Tax season is here, which means that millions of U.S. taxpayers could soon receive a substantial cash windfall in the form of a tax refund check. Last year, the average refund was $2,873, according to the Internal Revenue Service (IRS).
American taxpayers generally use their tax refund to improve their finances, according to a survey from the University of Chicago. In 2021, consumers planned to increase savings (46%), cover everyday expenses (35%) or pay down debt (32%) with their tax return.
While many Americans use the extra money from their tax refund to build long-term wealth, others decide to splurge on something fun or finance a major purchase, the survey said. If you're wondering how to use your tax refund wisely, consider the following strategies:
- Pay off high-interest credit card debt
- Boost your retirement nest egg
- Pay down your student loan balance
- Invest in the stock market
- Create an emergency fund
Keep reading to learn more about these options in the sections below. And visit Credible to compare a wide variety of financial products, such as debt consolidation loans and high-yield savings accounts.
Consumers became increasingly reliant on credit card spending in 2021, as revolving credit balances skyrocketed to pre-pandemic levels, according to the Federal Reserve. This means that many Americans may be entering 2022 with loads of high-interest debt that's difficult to repay every month.
If your revolving credit balance has grown in the last year, you could consider using your tax refund check to pay off your credit cards. Since credit card interest compounds on a daily basis, you can save hundreds or thousands of dollars in interest charges over time by paying off credit card debt with your tax refund.
Another way to get rid of credit card debt is with a debt consolidation loan. This is a lump-sum personal loan with a low interest rate that you repay in fixed monthly installments. You can compare debt consolidation loan rates across multiple lenders at once on Credible and find the lowest rate possible for your financial situation.
The median retirement savings balance is $93,000, which is far below the amount that experts say is needed to retire, according to a Transamerica survey. One way to shore up your retirement fund is to add your tax refund check to a Roth or traditional IRA (individual retirement account).
Americans under 50 can contribute up to $6,000 annually to a traditional or Roth IRA, although the maximum annual contribution phases out at certain income levels, according to the IRS. Consumers who are 50 or older can contribute $7,000 per year, depending on income.
Monthly payments and interest charges on federal student loans are paused until May 1, 2022. This means borrowers who choose to continue making payments on their college debt can lower their principal balance without paying interest.
You can maximize this current federal benefit by using your tax refund check to pay down the principal balance of your student loans. Or you could also save the tax refund money to utilize when student loan payments resume in a few short months.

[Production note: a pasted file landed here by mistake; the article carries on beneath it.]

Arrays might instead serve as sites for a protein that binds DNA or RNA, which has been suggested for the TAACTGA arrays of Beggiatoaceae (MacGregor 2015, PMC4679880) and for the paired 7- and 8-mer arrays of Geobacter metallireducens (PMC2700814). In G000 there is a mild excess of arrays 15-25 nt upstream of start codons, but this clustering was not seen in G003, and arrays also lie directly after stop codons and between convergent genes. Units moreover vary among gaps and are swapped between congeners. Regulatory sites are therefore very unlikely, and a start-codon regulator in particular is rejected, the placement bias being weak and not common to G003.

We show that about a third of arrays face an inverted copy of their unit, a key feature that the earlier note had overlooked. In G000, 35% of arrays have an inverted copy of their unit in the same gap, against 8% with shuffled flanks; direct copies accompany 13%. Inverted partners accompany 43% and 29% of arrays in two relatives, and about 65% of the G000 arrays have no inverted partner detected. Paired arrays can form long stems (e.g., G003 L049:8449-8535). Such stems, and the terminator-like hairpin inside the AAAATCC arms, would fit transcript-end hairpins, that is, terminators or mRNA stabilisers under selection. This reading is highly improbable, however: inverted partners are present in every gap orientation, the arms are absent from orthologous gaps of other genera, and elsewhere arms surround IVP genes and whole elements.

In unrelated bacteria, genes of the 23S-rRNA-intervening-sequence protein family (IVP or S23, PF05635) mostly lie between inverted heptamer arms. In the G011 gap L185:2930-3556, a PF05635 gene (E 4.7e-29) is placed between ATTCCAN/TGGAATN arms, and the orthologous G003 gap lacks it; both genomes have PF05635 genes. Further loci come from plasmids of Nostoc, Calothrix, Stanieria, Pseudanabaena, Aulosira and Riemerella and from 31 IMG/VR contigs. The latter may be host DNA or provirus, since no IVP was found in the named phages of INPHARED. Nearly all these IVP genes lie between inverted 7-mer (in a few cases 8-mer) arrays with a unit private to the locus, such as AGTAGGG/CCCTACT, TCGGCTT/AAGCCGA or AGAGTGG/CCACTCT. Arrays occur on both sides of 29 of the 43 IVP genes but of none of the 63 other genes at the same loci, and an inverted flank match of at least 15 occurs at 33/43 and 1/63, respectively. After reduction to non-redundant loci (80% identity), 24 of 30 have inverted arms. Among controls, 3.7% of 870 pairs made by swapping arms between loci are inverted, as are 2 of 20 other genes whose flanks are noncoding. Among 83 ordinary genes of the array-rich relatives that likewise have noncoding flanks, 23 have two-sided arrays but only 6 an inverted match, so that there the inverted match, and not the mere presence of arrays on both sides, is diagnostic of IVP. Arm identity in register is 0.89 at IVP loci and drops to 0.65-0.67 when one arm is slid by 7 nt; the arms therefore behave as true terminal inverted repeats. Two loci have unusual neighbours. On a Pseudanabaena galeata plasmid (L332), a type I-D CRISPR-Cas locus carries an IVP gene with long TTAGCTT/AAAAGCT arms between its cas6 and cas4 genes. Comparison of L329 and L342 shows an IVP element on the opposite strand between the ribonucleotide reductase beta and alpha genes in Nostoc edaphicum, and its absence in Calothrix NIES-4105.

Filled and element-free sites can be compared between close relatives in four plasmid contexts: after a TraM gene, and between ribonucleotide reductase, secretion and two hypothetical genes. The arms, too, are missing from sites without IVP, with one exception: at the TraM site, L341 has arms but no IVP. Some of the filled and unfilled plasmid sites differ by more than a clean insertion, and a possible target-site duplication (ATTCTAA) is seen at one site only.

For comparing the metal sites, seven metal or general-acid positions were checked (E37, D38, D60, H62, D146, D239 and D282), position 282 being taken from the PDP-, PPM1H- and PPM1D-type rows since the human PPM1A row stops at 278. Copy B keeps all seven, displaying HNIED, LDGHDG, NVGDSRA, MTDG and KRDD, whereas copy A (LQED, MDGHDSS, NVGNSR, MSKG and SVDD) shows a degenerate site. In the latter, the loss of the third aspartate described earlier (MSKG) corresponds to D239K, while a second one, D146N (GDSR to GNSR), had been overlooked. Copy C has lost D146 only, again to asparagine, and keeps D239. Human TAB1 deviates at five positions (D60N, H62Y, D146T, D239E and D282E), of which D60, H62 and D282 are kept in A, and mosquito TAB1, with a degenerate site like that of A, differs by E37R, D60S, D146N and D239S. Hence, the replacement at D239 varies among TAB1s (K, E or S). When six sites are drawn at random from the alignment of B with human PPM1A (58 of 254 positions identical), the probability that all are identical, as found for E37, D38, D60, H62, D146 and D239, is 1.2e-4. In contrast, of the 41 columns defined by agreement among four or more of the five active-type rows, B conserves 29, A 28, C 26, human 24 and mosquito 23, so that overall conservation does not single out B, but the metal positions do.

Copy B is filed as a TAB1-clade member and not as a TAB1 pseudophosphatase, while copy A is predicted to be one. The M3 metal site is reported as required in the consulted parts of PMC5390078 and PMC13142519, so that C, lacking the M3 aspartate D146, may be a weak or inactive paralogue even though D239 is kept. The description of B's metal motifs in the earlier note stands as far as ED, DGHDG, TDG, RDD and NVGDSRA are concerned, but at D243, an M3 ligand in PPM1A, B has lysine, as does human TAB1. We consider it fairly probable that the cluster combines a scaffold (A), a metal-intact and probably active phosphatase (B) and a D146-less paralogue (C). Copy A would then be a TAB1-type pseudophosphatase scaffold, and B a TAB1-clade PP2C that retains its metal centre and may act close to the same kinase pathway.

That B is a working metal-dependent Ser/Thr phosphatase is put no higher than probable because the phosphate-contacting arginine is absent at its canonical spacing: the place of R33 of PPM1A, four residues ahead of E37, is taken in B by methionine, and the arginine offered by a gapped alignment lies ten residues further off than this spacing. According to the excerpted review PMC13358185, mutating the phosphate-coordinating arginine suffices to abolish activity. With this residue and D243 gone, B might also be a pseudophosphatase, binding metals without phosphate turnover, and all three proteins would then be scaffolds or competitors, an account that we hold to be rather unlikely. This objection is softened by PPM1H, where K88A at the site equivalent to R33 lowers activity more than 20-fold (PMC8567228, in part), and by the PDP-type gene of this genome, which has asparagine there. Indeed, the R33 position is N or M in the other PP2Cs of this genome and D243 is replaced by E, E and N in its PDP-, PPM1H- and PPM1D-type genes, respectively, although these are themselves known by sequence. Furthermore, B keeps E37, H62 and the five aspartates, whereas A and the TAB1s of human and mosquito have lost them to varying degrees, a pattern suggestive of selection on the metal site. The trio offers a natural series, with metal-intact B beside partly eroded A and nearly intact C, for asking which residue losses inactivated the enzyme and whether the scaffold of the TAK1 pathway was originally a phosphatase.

Student loan borrowers may also consider refinancing while interest rates are still near all-time lows. Keep in mind that refinancing federal student loan debt into a private student loan will disqualify you for income-driven repayment plans (IDR) and select student loan forgiveness programs. You can compare student loan refinancing rates on Credible to decide if this debt repayment method is right for your needs.
If you have robust savings and no debt to repay, you might consider investing your tax return in the stock market. While the stock market experiences short-term fluctuations, it can offer a greater long-term return on investment than traditional savings accounts or bonds.
To mitigate your risk, you could consider putting your money in an index fund that tracks the stock market, such as an S&P 500 index fund. This can diversify your investment, which protects your money more than if you just invested in a few individual stocks.
It's recommended that consumers should have about three to six months' worth of expenses saved in an emergency fund. Having a robust emergency savings can help you avoid taking on debt when faced with unexpected expenses like car repairs or surprise medical bills.
This year, you could kickstart your emergency savings by putting your tax refund in a high-yield savings account. These accounts have higher savings rates than traditional bank accounts, although they have a lower return on investment compared with stocks. But unlike stock investments, you can access your money in a high-yield savings account quickly and without penalty if you need it in an emergency.
You can compare high-yield savings account rates across multiple banks at once on Credible to find the best possible offer for your financial needs. Shopping around is free and does not impact your credit score.
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